Winds of change blowing at Hunter’s door

WHILE leaders of the industrialised world willspend the week congratulating themselves on their achievements in Paris, there should be no doubt that the biggest test for Australia lies ahead.
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The Eiffel Tower in Paris during the climate summit.

That test will be even tougherin the Hunter Valley where the coal industry still plays a vitaleconomic role.

Malcolm Turnbull’s decisionto overturn the Tony Abbott ban on government investment in wind power at the weekend is just the start of what will need to be a monumental shift in attitude and action on climate change.

Australia’s pollution reduction targets remain massively at odds with most of the world, more in line with those of China and described as “woefully inadequate” by some quarters. They will now need far more than political rhetoric from a government still arguing over the investment of taxpayer dollars in wind farms.

The Paris Agreement will come into force in 2020, and while Australia will likely have achieved its previously-settargets by then, it must be recognised that the bar was set significantly lower than what the new agreement will require.

As Climate Institute chief John O’Connor said on Sunday, Australia needs to adopt far more aggressive emissions policies. Maintaining the status quo will leave Australia as the highest per capita polluter in the first world by 2030 and will have only Saudi Arabia to compete with on the bottom rung.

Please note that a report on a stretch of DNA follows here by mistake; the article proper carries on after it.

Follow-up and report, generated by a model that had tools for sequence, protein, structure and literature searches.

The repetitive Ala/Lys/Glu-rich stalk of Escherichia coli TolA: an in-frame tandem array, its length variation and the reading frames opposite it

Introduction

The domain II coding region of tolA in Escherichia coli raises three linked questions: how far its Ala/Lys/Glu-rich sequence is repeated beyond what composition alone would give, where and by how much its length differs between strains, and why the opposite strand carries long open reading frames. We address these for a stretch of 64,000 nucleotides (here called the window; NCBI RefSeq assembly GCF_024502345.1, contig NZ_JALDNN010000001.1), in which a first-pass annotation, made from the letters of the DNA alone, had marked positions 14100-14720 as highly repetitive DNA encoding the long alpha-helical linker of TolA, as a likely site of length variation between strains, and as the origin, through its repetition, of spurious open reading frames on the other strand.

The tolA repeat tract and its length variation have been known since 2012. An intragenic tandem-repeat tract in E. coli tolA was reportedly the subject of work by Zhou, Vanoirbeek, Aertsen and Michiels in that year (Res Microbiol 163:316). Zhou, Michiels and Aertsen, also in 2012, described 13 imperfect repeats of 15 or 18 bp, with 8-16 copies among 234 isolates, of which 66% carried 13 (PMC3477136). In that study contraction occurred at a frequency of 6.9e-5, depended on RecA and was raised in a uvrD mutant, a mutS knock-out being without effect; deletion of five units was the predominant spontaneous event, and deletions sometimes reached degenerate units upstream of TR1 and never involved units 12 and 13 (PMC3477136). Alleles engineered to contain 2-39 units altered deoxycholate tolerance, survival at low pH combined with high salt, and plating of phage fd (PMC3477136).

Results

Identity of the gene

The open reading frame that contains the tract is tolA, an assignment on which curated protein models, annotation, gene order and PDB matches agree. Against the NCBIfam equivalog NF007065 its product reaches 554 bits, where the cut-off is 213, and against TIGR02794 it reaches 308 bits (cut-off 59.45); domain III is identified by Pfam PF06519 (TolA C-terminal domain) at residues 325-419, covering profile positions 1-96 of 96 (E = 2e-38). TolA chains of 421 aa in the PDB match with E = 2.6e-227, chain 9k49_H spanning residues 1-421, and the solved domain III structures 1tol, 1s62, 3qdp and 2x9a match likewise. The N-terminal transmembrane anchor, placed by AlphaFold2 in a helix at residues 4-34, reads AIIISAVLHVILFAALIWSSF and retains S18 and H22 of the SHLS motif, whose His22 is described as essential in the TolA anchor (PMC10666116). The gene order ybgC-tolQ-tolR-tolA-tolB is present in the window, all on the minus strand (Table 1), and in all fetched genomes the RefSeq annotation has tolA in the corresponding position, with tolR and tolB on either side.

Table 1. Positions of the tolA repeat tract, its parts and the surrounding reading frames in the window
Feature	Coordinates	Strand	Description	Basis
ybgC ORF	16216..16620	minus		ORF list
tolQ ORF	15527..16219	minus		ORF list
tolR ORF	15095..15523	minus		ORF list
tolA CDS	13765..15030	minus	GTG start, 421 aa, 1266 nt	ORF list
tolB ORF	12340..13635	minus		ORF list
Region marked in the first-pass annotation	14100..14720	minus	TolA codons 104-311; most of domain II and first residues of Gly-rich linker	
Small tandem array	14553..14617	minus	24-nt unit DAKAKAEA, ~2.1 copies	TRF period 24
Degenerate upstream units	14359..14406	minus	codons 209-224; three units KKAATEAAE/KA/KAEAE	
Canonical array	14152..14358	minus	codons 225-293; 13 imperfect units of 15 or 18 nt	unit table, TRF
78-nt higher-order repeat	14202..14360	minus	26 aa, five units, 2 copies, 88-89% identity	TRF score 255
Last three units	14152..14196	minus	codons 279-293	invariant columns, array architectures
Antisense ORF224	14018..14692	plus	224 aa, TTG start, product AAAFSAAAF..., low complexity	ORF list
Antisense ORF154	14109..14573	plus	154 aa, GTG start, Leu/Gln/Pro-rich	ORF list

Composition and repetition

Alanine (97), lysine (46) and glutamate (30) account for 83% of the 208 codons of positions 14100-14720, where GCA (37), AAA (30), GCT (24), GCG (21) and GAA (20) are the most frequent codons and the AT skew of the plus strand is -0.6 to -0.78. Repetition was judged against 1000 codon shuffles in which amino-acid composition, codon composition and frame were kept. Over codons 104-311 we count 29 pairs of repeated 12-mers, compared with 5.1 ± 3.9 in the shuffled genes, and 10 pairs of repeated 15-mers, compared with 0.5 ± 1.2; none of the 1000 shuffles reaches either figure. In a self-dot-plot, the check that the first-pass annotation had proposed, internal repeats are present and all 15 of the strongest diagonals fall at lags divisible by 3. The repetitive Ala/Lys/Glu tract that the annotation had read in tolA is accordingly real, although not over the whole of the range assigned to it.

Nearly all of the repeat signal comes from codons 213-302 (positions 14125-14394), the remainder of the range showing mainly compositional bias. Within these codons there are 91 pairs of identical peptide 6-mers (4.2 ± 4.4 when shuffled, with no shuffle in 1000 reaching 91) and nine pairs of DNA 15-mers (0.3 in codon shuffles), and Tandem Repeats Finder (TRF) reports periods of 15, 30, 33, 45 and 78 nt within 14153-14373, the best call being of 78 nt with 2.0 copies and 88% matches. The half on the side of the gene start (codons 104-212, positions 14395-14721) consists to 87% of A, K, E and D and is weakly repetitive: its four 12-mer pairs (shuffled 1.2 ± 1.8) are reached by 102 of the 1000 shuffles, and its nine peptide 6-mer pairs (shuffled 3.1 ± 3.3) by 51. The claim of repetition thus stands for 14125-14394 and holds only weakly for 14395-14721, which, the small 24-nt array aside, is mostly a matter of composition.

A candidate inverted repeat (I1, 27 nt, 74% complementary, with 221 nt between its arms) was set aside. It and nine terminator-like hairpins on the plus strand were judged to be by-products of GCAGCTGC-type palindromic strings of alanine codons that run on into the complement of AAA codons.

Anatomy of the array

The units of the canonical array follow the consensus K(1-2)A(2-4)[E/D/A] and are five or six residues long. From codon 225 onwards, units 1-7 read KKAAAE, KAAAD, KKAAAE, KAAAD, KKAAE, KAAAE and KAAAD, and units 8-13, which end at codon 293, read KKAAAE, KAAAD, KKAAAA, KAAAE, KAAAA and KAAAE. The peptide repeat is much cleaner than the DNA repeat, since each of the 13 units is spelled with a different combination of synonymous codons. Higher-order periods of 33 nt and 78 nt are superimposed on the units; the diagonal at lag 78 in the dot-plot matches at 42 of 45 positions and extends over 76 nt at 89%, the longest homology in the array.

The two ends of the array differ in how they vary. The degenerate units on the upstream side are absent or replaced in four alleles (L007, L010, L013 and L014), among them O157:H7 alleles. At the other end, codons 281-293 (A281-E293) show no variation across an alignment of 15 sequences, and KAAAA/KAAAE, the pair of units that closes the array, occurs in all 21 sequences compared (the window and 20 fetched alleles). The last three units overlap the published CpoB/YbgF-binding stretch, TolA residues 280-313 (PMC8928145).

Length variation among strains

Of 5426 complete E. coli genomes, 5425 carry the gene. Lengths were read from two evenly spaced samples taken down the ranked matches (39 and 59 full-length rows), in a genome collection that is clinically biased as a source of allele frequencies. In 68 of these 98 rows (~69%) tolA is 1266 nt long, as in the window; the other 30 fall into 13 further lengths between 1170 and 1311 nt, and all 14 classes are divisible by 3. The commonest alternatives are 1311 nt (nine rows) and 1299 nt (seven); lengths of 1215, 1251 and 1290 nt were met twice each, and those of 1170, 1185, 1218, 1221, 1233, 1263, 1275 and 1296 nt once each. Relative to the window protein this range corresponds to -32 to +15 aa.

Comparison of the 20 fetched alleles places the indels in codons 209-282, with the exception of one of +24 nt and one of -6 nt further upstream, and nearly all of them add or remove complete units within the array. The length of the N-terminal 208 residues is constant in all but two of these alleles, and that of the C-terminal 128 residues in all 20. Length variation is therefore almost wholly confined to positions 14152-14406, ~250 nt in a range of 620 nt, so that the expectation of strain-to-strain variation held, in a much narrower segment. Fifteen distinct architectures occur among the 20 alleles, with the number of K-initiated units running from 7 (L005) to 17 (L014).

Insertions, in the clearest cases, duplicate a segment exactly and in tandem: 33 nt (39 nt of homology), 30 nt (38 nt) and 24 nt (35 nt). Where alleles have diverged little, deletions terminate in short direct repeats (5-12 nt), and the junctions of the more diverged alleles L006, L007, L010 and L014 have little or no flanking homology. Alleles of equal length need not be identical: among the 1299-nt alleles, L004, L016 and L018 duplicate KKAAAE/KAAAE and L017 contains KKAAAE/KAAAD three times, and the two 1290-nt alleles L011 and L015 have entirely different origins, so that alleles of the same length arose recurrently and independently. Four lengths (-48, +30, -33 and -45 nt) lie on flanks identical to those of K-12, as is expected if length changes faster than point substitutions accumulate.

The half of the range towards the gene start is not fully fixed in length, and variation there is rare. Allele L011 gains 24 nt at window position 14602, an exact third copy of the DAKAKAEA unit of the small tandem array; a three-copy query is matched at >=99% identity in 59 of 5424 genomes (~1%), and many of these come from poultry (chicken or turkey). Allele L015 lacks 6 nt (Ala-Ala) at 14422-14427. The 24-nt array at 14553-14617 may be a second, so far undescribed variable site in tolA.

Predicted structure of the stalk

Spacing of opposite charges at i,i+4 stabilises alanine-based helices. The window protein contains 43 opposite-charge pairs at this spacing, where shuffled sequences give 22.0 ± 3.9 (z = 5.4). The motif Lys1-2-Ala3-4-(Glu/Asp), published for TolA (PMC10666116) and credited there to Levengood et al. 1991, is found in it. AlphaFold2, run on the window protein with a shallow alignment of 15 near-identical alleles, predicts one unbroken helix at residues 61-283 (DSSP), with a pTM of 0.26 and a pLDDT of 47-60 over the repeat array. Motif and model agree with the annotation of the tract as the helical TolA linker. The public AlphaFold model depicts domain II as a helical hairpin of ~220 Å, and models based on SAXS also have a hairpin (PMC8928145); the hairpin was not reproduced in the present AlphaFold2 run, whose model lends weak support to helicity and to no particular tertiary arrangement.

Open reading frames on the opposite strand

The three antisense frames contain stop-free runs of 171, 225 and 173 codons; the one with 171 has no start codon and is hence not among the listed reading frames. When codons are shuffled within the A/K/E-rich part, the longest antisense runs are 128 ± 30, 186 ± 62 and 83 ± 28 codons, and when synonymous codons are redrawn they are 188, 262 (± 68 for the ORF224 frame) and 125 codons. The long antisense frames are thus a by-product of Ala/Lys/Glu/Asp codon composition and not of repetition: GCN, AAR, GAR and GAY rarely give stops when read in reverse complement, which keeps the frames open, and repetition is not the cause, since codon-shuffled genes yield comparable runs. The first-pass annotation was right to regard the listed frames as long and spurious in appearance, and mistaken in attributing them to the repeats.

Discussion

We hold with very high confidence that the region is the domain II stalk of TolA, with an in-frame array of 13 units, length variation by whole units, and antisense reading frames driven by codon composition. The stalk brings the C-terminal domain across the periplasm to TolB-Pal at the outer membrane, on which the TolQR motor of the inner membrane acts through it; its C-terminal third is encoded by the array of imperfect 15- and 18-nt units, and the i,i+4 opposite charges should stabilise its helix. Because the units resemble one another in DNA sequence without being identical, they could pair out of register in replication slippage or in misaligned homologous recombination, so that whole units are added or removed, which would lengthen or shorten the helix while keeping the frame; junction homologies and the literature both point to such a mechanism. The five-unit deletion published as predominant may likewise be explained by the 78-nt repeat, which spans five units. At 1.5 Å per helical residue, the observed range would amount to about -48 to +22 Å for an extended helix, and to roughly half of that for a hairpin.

Foreign Affairs minister Julie Bishop described the weekend agreement as “a framework for all nations”, saying“now we can return home to implement the new global agreement”.

That road will be long and tough, but if Australia’slong-term transition to an emissions-neutral planet is going to be ramped upanywhere, it may as well be ramped up right here. If the Hunter has the potential to lose the most, it should also be the one with the most to gain from the investment opportunities and the benefits that will come, eventually, from a switch to producing low-emission clean energy.

Regardless of one’s views on climate change andemissions reduction,the Paris climate deal will spur a global shift towards renewables, leaving the Hunter region with a clear choice. It can be left behind by the rest of the world or it can seize the employment and investment opportunities that will arise in the renewables sector.

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